So at that point I told my publisher it was killing me. I know how I am, I will hit my mark, I will hit my deadline, and one day I’ll wake up and think, screw this, I won’t ever write another word of it. If you want to keep me going, you better make it possible. It seems to take me 10 months no matter when I start. I just keep them informed as to where I am.
Q. Do you have an ideal reader?
I am my best reader. But with mystery fiction, of course, there is another level of complication. The mystery is the one form where the reader and the writer are pitted against each other. I am the magician. I have to work as a writer, and then I have to step outside myself and say, Now if I were the reader, as the reader, what do I know, what do I perceive, what pieces of the puzzle can I put together? Even so, I cannot control every reader, so I know how to outsmart a lot of people, but I can’t outsmart everybody. And the truth is the reader’s perception is not linear. There is almost an intuitive level of function that makes incredible leaps. I can look at a page, I can layout A, B, C, and D. The reader will go to P instantly.
When I think too much about reviewers, reader reception, all those issues, I get scared, and once I get scared, I don’t work. So what I say to myself is “Lower your sights.” Quit looking at the end product. Quit looking at leaping four months till your editor is reading the book. Quit thinking about reviews, or whether you will get another insulting letter about your plotting. My only responsibility is to write the next sentence well. And so I pull my focus down to as small and tiny as I can get it.
Q: How much do you revise?
I revise as I go. For me, if a chapter isn’t right, a section of dialogue doesn’t play, how can I move on? Because each piece flows from the piece before. You have to make sure it moves in the right direction with grace.
Q. How and when did you learn this?
I have gradually come to that understanding about the next sentence. I think early in the alphabet it was not as difficult. For A is for Alibi, what did I have to lose? I had no reputation, I was free as a bird. And so sometimes I think about these poor people who complain that they don’t have a deal or a contract. I think, Are you lucky?! You can do anything you want. You don’t have a series of readers going, This didn’t seem as good as her last one.
Plus I’m trying not to repeat myself. I think it’s boring. However, it adds another layer of intellectual shenanigans. The longer I am at this, the more important it is for me to get to flow, to get to that state wherein the rest of the world does not exist. And I am only here doing exactly what’s in front of me.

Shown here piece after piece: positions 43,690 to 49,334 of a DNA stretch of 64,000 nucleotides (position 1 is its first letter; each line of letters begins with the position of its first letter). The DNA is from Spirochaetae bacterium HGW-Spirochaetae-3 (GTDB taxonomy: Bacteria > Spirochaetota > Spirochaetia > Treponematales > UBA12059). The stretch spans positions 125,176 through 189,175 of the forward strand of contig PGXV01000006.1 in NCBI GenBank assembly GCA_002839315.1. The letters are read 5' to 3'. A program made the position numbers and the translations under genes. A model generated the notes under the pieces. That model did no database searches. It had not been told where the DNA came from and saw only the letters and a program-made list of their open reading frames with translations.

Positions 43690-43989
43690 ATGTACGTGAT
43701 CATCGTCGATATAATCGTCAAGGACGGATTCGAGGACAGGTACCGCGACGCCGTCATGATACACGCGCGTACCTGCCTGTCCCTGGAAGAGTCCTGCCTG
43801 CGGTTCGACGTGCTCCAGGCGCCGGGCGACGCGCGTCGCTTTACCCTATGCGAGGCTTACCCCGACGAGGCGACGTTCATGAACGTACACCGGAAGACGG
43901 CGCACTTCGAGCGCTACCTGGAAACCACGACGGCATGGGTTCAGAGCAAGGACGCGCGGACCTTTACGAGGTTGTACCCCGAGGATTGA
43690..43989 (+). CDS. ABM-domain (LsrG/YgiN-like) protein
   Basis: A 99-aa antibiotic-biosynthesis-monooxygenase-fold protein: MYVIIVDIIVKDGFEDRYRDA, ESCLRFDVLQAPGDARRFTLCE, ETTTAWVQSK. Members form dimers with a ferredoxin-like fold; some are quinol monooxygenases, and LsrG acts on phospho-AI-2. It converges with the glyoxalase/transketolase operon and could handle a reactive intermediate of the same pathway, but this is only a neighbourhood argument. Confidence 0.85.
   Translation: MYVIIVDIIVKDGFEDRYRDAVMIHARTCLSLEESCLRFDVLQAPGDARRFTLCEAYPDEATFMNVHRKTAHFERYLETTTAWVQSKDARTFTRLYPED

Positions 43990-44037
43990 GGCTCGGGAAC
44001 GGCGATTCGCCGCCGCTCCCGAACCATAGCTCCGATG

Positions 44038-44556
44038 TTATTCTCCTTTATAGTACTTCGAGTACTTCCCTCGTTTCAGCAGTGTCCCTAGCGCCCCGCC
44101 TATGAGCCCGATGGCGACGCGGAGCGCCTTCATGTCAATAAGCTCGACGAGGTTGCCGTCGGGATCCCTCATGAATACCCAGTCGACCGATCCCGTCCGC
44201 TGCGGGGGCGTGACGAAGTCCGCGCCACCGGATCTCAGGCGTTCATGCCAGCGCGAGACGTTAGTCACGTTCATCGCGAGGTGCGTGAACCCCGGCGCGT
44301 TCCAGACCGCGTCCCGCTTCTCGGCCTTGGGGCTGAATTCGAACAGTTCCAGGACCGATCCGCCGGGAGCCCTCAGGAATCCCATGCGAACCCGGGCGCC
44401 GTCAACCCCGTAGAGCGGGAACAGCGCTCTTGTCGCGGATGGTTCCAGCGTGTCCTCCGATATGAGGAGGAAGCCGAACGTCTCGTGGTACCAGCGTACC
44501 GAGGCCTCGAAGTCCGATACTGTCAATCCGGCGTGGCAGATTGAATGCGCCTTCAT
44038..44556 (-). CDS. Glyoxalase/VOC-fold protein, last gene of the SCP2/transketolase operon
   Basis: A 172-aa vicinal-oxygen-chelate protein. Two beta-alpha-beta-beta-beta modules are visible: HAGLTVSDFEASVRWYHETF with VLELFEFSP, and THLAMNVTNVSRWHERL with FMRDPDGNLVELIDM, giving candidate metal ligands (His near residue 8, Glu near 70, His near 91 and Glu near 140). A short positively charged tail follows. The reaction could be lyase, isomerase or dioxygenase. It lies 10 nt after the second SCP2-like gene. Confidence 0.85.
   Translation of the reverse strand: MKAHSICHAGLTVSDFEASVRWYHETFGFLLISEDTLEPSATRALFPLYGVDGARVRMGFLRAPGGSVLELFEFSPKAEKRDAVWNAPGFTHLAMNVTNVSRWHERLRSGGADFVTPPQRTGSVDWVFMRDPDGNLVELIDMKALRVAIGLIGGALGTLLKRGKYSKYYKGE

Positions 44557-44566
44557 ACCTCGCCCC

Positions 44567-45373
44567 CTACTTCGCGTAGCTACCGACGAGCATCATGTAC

Q. Are you loose in your life, letting go of what you can’t control?
I’m a control freak. That is always the battle I find. For instance, I’m looking at my desk. I love tidy, I love order. I love routine, I love regulation. Because all of that contributes to flow. If I look around my desk and I see unanswered letters, pencils out of place, the mail piled up, I go insane. Because to me it’s little voices going, Do me, help me. I have a few items on my desk, some totem items, a couple of photographs that I love, and books close at hand. But if it gets too far out of control, I have to stop and take care of it or I can’t work.
Currently we have construction on the premises. It’s madness. This is wonderful practice for me. So I just look at all of this as a way of practicing. I can’t control it, so I have to set it aside. It’s like, Oh, well. Do it anyway. If you can’t control your immediate environment, then you have to lift yourself out of it or sink beneath it and go on with the work.
Q. Do you think of yourself as resilient? Perhaps that would come up more in the earlier years…
No, I think it continues because I am a larger target now. I get negative letters and I think they’re very amusing. Sometimes they get to me, they trigger my anger. People get angry over typos. They won’t really believe I will get the letter. So they feel perfectly comfortable spewing and venting. Then I’ll sit down and spew back at them. Sometimes I say to them, shame on you. Or sometimes I’m snotty. I try to handle it differently.
Q. Would you keep doing the writing if the money stopped?
I would keep doing it. It better not be about the money. Hollywood is about the money. And believe me, that’s not enough if you’re unhappy doing what you’re doing. If you’re happy doing what you’re doing, then it doesn’t make any difference. It satisfies you and gives meaning to your life.
(c) 2018 by Susan K. Perry, author of Writing in Flow (out of print but readily available online) and Kylie’s Heel